I came across mechanical investing a number of years ago through exposure to the Motley fool . Within their books, they talked extensively about an investing strategy they called the Foolish Four. The Foolish Four was essentially a version of a strategy outlined in the book, Beating the Dowby Michael O’Higgins.
The strategy works like this:
1) Of the stocks that currently make up the Dow Jones Industrial Average, sort them by dividend yield and select the 10 highest yielding ones.
2) Sort these 10 stocks by price and buy the 5 lowest priced ones.
Thatâ€™s it â€“ pretty simple. There are a million different variations on this strategy, and the Motley Foolâ€™s was also a bit different. Some variations ignore the highest yield and lowest price stock. Some strategies have you invest in all 10 of the highest yielding ones. The key element in all of them is that they rely on an investors laziness to find that one strategy that will involve little skill and effort to turn them into a millionaire overnight.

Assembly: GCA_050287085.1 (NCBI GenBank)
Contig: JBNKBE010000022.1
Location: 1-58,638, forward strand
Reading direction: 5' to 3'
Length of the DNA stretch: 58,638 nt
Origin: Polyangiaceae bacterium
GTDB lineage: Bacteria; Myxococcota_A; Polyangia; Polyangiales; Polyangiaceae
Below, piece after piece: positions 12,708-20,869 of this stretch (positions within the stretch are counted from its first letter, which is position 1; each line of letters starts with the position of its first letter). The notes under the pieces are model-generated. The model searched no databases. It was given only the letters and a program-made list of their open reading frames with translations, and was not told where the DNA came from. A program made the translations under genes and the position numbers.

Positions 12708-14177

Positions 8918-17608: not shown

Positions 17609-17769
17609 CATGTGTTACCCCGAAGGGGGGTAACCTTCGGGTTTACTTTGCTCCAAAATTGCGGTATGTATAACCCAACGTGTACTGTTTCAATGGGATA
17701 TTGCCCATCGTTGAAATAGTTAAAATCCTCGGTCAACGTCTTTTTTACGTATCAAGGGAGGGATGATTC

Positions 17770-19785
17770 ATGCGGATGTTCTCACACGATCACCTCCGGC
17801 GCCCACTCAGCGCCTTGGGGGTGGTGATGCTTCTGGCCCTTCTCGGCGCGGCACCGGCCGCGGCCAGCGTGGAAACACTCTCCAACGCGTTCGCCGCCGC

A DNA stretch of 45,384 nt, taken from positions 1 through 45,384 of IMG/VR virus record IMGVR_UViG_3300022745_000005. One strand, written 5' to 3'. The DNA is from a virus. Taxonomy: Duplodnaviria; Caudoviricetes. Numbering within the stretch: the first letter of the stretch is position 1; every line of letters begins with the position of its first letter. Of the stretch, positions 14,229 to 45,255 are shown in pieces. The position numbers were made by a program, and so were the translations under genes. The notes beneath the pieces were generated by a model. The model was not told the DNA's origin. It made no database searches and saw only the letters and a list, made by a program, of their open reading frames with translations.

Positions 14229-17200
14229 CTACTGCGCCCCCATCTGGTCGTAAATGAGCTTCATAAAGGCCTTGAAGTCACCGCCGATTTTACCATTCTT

I tried to get some definitive statistics on the performance of these Beating the Dow strategies, but I got the total feeling that depending on who was doing the research depended on what the results looked like. Some sources were incredibly upbeat about its performance while others went off on how all this strategy is is a data mining exercise and should not be considered an effective strategy. To be honest, I did not know what to think.
I eventually fell back on that old adage, â€œIf it seems too good to be true, then it probably is.â€ The Beating the Dow strategies basically try to take the guess work out of investing. Without solid empirical background, then I donâ€™t think it is much more different than throwing darts at a list of stocks to determine what to invest in. I think this is a close to gambling in the market that you can get.
I think a potentially better way to use these strategies would be to use them as a starting point for generating investment ideas. Run the screens and then do some due diligence on those stocks to find ones that meet your criteria, whatever that may be. With that, at least you have not left everything to chance and can take some ownership in your decisions.
P.S. If these screens really interest you, then a good site to check out is Dogs of the Dow .